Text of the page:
• Atlanta Corona Collective: Creative Solutions for Documenting a Pandemic (Leah Lefkowitz and Kate Daly, Atlanta History Center) (recording) Shortly after the March shutdown due to the Covid-19 pandemic, the Atlanta History Center created the Corona Collective, a collecting initiative that asked Atlantans to submit documentation of how they were experiencing and responding to all aspects of life during the Covid-19 crisis. In this lightning talk we will discuss the logistics, issues, and future of the project. Resources: Corona Collective Submission Form | April 2020 Blog Post | November 2020 Blog Post | StoryCorps Corona Collective Communities Page | StoryCorps/AHC Corona Collective Webinar | Corona Collective visual arts materials Album Page

  • Partnering Within Your Community (Perida Mitchell, Thomas County Public Library) (recording) Thomas County Public Library has reached out to their community to make available two distinct collections, Thomas County Funeral Programs and COVID Oral Histories. Perida Mitchell will discuss working with her community to bring the collections to light.

  • Providing Clarity: Including Instructions for Patron Guidance for Using Digital Collections (Rachel Senese, Georgia State University) (recording) After migrating our digital collection platform to the hosted version of CONTENTdm, Georgia State University Library is in the process of making our digital collections more user friendly. This presentation will talk about the first phase of our work: Providing clarity to students and researchers on what digital collections are, how to use the platform, and to preemptively answer frequently asked questions.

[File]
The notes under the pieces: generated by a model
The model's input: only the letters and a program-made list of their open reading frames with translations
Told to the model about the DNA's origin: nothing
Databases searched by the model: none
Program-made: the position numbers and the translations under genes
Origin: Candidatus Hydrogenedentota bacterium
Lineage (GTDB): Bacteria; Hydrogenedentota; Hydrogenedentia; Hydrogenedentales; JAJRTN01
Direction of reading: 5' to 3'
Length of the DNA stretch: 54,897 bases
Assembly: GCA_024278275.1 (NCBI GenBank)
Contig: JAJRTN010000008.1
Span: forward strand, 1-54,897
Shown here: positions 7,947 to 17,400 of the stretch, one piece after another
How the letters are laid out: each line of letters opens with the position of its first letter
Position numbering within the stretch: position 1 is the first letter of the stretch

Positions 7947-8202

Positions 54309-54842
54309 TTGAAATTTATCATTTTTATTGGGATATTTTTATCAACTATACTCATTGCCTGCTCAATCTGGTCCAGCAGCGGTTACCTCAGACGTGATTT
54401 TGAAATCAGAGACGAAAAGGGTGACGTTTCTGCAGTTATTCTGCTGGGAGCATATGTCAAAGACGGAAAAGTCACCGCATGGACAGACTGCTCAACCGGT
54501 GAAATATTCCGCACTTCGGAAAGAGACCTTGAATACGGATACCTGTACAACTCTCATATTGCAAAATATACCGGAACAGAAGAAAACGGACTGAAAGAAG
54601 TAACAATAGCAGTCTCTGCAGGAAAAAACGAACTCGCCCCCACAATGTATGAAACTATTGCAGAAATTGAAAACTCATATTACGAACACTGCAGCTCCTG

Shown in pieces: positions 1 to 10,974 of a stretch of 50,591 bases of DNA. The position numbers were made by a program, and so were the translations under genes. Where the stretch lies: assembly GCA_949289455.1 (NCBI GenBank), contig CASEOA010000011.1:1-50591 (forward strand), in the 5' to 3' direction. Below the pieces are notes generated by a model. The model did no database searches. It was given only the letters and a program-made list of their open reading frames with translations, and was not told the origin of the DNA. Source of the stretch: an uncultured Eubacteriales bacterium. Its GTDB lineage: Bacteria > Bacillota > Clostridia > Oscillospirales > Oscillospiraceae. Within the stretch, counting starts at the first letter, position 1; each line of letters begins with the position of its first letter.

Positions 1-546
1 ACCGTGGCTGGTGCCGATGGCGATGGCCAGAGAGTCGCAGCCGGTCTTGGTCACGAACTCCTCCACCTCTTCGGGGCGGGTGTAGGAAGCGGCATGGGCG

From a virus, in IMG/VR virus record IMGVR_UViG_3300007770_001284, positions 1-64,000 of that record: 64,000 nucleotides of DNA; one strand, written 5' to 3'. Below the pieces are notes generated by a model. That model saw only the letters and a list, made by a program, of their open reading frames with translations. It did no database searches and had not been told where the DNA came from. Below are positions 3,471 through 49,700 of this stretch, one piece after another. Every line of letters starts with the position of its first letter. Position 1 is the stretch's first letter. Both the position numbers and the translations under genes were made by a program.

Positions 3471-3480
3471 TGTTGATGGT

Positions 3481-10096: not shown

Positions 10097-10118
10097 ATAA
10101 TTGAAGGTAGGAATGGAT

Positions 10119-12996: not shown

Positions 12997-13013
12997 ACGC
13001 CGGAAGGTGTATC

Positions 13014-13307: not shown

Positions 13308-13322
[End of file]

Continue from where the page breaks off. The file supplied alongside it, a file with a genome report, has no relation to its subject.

• What is Smaller than a Shoestring Budget?: Project Planning with Limited Funding for the City of the Savannah Municipal Archives’ Digitization Studio (Kelly Zacovic, City of Savannah Municipal Archives) (recording) Kelly Zacovic, Archivist with the City of Savannah Municipal Archives, discusses some of the challenges, opportunities, and resources encountered by a small institution while planning an in-house archival digitization studio.

4:00 - 5:00 pm Discussion Groups by Institutional Type

Wednesday, April 7

1:00 - 2:00 pm Digital Preservation (recording)

Digital Preservation Planning: Where were You, Where are You, and Where do You Want to Be?

(Kathryn Michaelis, Emory University Libraries)

Digital preservation planning requires periodic assessment and updating of needs, workflows, and environments. We will discuss practical strategies for evolving your institution’s digital preservation program as collections expand, and we will explore some foundational practices that will make scaling up or pivoting a digital preservation program simpler in the long run.